The Patent Office has clearly said software patents can only be granted if linked to novel hardware
For years, there has been a guerrilla war on the patenting of software in India. While a clutch of organisations has been fighting against patenting because it believes such patents would stifle innovation in the sector, the Indian Patent Office has been equally persistent in stealthily trying to change the rules that do not permit patents on software alone.
India’s Patent (Amendment) Act excludes, under Section 3(k), mathematical methods, business methods, computer programmes per se and algorithms from the ambit of patentable matter. Yet, several hundred software patents have been granted in the country.
A 2013 study by the Software Freedom Law Centre (SFLC), which works to protect and advance free and open source software, found that 344 software patents were granted during 2009-2011. Barring nine, they had all been awarded to foreign entities. Foreign firms have been lobbying for a change in the law.
Why are patents for software alone counter-productive? Patents make it difficult for software developers to innovate and start-ups would be stifled, affecting the entire start-up ecosystem. One has only to look at the Apple-Samsung fight over patents to understand how patents stifle innovation and lead to multi-billion dollar suits that benefit only lawyers while delaying the launch of better products. Some weeks ago, Samsung won its long-running patent war with Apple after a jury overturned an earlier verdict ordering it to pay $120 million to the iPhone maker. The court found the two disputed Apple patents were not valid.
Realising the dangers of software patents, even the US, which opened the floodgates to indiscriminate protection of such intellectual property, has now backtracked. The US Supreme Court established that software on its own is not patentable, while the EU has generally ruled that patents cannot be given to computers as such. That ªas suchº is problematic, and akin to the ªper seº in Indian law that states computer programmes per se are not patentable. That confusion did not suit either industry which has been pushing to broaden the scope of patentability of software or the Free and Open Software (FOSS) movement.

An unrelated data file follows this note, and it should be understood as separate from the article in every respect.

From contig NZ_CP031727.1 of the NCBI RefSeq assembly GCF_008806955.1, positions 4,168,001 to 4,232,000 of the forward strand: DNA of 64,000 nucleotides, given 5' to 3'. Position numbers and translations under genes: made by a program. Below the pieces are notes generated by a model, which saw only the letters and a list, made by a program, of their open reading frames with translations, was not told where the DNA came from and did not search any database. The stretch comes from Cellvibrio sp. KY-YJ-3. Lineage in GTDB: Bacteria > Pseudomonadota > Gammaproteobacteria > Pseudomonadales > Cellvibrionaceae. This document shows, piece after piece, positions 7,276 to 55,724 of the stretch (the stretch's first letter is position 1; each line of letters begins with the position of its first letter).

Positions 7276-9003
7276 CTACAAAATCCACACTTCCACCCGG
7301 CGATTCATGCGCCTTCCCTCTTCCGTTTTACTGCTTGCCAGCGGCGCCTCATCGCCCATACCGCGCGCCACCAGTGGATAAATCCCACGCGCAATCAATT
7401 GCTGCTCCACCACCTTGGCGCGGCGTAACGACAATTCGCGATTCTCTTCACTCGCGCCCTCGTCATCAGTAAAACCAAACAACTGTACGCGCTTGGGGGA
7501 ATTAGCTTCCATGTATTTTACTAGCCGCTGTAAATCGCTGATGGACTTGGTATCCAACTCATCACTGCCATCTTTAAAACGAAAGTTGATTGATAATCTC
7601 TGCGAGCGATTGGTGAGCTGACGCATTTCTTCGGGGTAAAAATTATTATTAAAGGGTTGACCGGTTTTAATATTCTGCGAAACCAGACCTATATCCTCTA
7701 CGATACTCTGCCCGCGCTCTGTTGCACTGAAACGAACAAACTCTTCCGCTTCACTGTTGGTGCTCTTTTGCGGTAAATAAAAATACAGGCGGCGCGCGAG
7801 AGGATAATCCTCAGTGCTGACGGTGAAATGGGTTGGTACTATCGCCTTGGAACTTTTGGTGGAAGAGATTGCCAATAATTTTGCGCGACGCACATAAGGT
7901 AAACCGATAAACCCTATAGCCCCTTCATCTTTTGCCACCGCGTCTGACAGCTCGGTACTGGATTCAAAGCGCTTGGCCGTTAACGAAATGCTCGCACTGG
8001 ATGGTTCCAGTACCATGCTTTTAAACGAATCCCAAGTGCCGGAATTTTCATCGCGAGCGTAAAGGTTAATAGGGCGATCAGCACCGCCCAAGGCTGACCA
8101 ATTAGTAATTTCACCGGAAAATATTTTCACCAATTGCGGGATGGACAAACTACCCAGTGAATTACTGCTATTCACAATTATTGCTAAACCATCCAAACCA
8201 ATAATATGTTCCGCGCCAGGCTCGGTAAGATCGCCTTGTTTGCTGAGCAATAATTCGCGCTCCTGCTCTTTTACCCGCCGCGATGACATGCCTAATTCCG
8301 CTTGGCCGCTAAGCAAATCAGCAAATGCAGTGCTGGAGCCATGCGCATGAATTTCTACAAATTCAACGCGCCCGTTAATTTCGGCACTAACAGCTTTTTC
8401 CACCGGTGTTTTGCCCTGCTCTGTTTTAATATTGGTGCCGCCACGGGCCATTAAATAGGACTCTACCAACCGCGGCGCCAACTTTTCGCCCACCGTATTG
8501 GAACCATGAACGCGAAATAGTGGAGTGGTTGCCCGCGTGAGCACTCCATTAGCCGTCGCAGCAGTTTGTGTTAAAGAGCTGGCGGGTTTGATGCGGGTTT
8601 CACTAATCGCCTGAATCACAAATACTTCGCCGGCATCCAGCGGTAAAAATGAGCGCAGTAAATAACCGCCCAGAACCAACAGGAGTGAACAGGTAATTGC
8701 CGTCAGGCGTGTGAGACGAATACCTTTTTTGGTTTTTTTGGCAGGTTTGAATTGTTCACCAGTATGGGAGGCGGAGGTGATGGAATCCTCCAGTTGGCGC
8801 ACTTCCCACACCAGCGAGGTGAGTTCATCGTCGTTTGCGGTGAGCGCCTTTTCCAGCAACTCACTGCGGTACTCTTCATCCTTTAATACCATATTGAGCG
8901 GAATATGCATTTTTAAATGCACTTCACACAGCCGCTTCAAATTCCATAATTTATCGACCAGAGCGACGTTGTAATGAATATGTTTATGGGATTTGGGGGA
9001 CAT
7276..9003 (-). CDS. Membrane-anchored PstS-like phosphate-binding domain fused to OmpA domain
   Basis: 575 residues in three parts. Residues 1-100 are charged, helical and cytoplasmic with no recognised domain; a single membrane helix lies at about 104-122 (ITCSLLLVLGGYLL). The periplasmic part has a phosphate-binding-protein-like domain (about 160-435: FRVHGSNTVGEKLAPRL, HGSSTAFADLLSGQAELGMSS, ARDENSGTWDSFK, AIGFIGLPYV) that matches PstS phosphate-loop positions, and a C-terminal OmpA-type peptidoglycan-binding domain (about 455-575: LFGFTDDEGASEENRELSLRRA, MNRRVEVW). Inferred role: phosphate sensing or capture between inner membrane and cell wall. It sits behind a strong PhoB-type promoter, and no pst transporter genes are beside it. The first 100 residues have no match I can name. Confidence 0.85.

Attempts by the Patent Office to open the doors wider to software patents were foiled in 2005 by Parliament when it rejected a 2004 ordinance that sought to allow the patenting of any computer programme that “had industrial/technical application” or those “used in combination with hardware”. Rejecting the ordinance, the commerce ministry stated: “The clarification was objected to since it may give rise to multinationals’ monopoly.”
Subsequently, a patent manual was floated in 2008 to change the rules but did not succeed either. The most determined effort was launched in August last year when the Patent Office published guidelines that would have once again changed the rules of the game. An equally concerted push back by a group of civil society organisations led by SFLC and Knowledge Commons has now succeeded in securing a firm official no to software patents. Not only did the Patent Office issue an order in December keeping the guidelines, it has also accepted a three-part test suggested by SFLC to determine patentability.
Now, the Patent Office has told examiners categorically to grant software patent only if accompanied by novel hardware. In just-issued guidelines, it has said: “If the contribution lies solely in the computer programme, deny the claim. If the contribution lies in both the computer programme as well as hardware, proceed to other steps of patentability.”
Mishi Choudhary, SFLC’S executive director, is of course delighted. According to her, this development reinforces the belief that the Modi government is “betting big on the innovation economy and won’t let anything hinder the freedom to innovate”.
Hopefully, this writes the finis to the longstanding uncertainties on software patents.
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